What will the post-Trump GOP look like?


We are just over one year away from 2020, but it is never too early to start asking what the GOP will look like after Trump (whether that is one year or five years away)? The post-Trump Democratic debate will largely be decided by the 2020 nominating contest and is virtually guaranteed to be more progressive than during Obama’s tenure.

Smart Republicans have started positioning themselves to take advantage of the changed GOP under Trump, championing different themes and ideas. The latest entrants in the post Trump GOP sweepstakes came in November when Marco Rubio spoke at the Catholic Church of America’s conference. Rubio spoke about “common good capitalism,” a Catholic themed view of the capitalism which argues the market should be turned to benefit the public good.

Rubio, and Hawley, elected on the coat-tails of Trump, are leading the wing of the GOP who believes Trump’s victory represented a major shift against the market among the GOP faithful. As such, they are seeking to turn the shift among the GOP into a policy agenda which markets a significant change from the modern GOP.

Rubio, Hawley and the others who believe in the supposedly changing views of the GOP, are speaking for a segment of the electorate known as “Market Skeptic Republicans,” identified in Pew’s landmark 2017 political typology study. In the study, and follow-up reports, these Republicans represented only 12 percent of registered voters and 10 percent of the most engaged voters overall.

Market-Skeptic Republicans are far more likely than the rest of the GOP to advocate for higher taxes on the wealthy and call for strengthening social institutions. These voters are also more accepting of abortion and gay marriage than other Republicans but less racially and culturally tolerant.

Of course, the GOP consistently wins 45 to 50 percent of the vote in every election so other groups make up the GOP. Per Pew, these types of voters can be called, “Core Conservatives,” who are traditional market friendly Republicans who downplay social issues, “Country First Conservatives,” who fit more neatly into the Trump GOP due to being more blue-collar and less friendly to immigration and overseas engagements, and finally, New Era Enterprisers” are younger, more diverse, pro-immigration, and pro-business. New Era Enterprisers admittedly are not a large part of the party and tend to be swing voters in elections.

Combined, Core Conservatives and New Era Enterprisers are a majority of the GOP and they have a strong infrastructure developed to help them drive GOP discourse.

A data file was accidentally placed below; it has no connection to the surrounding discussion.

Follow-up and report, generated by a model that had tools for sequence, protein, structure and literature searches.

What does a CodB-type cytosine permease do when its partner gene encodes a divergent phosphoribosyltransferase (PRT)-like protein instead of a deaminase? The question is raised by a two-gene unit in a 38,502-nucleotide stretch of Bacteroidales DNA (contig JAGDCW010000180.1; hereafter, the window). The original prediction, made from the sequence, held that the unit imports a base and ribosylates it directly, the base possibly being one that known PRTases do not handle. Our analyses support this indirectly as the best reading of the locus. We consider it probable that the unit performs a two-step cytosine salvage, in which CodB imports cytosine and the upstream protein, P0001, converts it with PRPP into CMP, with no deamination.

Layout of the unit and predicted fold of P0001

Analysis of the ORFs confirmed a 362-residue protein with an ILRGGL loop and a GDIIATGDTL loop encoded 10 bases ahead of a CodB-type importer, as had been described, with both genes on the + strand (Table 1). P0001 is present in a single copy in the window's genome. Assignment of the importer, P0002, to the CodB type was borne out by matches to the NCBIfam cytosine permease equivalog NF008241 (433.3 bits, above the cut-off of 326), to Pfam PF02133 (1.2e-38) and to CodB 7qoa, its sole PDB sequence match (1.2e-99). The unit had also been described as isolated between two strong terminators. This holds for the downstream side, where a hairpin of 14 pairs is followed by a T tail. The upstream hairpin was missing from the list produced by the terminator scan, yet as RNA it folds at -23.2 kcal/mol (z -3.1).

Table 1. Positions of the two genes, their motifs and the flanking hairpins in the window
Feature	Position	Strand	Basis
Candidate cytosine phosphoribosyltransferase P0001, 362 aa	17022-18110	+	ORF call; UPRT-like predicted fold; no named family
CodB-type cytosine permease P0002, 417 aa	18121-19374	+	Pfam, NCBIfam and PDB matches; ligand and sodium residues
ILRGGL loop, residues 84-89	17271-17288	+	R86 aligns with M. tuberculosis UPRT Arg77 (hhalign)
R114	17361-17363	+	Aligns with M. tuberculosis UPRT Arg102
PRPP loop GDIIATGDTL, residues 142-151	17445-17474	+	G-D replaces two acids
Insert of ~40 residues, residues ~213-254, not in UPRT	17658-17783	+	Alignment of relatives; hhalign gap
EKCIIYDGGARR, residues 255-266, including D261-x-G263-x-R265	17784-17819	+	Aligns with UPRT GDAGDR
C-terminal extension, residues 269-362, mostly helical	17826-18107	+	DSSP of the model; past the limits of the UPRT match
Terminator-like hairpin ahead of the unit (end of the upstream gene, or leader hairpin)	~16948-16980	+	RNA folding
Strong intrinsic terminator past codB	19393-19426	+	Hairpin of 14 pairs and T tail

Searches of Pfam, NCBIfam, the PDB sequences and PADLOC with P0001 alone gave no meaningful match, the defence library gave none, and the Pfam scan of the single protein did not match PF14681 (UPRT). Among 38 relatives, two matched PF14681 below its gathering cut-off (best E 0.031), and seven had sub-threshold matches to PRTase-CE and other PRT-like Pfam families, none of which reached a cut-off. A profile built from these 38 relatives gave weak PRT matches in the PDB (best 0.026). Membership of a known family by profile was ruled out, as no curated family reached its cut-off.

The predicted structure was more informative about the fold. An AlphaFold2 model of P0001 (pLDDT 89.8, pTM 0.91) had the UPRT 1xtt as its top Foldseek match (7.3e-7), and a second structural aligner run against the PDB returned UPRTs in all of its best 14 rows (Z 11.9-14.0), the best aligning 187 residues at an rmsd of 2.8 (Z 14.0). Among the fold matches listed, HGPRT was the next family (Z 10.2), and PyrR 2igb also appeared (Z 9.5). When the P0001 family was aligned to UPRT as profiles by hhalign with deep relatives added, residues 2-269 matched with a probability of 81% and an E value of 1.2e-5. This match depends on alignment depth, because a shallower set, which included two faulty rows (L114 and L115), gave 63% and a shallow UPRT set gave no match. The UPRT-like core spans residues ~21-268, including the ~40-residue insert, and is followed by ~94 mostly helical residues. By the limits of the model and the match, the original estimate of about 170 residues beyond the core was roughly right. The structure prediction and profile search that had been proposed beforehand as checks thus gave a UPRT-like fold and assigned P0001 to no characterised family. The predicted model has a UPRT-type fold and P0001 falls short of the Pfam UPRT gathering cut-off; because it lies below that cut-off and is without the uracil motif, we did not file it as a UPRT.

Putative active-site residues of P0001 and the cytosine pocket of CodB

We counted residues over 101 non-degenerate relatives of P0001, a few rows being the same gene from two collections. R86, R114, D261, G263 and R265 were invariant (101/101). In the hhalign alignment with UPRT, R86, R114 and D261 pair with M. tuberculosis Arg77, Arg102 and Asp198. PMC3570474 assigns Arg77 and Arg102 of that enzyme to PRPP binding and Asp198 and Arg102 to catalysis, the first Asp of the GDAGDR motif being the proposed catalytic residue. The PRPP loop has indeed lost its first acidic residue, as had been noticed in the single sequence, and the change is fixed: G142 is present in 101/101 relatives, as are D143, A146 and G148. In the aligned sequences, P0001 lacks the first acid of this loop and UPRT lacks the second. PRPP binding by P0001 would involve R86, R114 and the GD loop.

It is to these voters other GOP politicians are speaking.

Is Nikki Haley the future of the GOP?

Last Tuesday, leaked copies of former South Carolina Governor and Ambassador to the UN Nikki Haley’s book, With All Due Respect, was released.

While the book is somewhat a defense of Trump, arguing some in his administration have worked to undermine his efforts, it is also a sign the GOP is more than just an angry populist base.

In many ways the book is the new millennium’s version of triangulation. While Haley laments the division in America, she also forgives Trump and the voters who elected him. Instead, she turns her fire on the the media, elites and Democratic leadership who play up the division.

In a way, Haley is charting a new course for the GOP which is a more likely playbook; play up all Republicans dislike of the media and elites, maintain friendliness and trust in the markets but also acknowledge the concerns of Market Skeptics and Country Firsters. None of this is to say it will win a national election post-Trump but it is far more likely it will keep the modern GOP coalition closer to intact in the short term.

There are basic assumptions each course assumes. Hawley and Rubio’s path infers Market Skeptic Republicans are a bigger chunk of the GOP base than Pew assumes. Further, they are likely to be a solid wing of the GOP going forward. But, these voters have shown a strong willingness to walk away from the GOP in-masse. Witness Mitt Romney’s loss in 2012 and Democratic gains last year.

By contrast, Haley’s play looks no better. Recent elections indicate the party no longer has a lock on degree – holding suburban dwelling Core Conservatives. While Market Skeptic Republicans fled the party last year they primarily still approve of Trump. College educated voters fled the party last year and disapprove of the modern day GOP. In elections this month, college educated Republicans prevalent in suburbs in Louisiana and Kentucky left the party.

The Trump run GOP has shown in public opinion data an almost uniform weariness of the President’s behavior while also supportive of his policies and ambivalent about his legacy. It is this dynamic Haley is attempting to capitalize on. In a way, Haley and Rubio are attempting to do the same.

The Nikki Haley’s of the GOP are likely buoyed by polls such as Heritage Action, which found in a March 2019 survey The survey found “That 52 percent of Republicans agreed with the statement: I am bothered by some of President Trump’s policies and character, but I support him because I agree with many of the things he stands for, and because I don’t want the media and the Democrats to defeat him.” Yet, sixty-two percent of Republicans identified as either a member of the traditional GOP or a member of the conservative movement. Thirty-two percent identified as part of the Trump movement. No post-Trump Republican can fully walk away from the President. But, neither can they embrace him.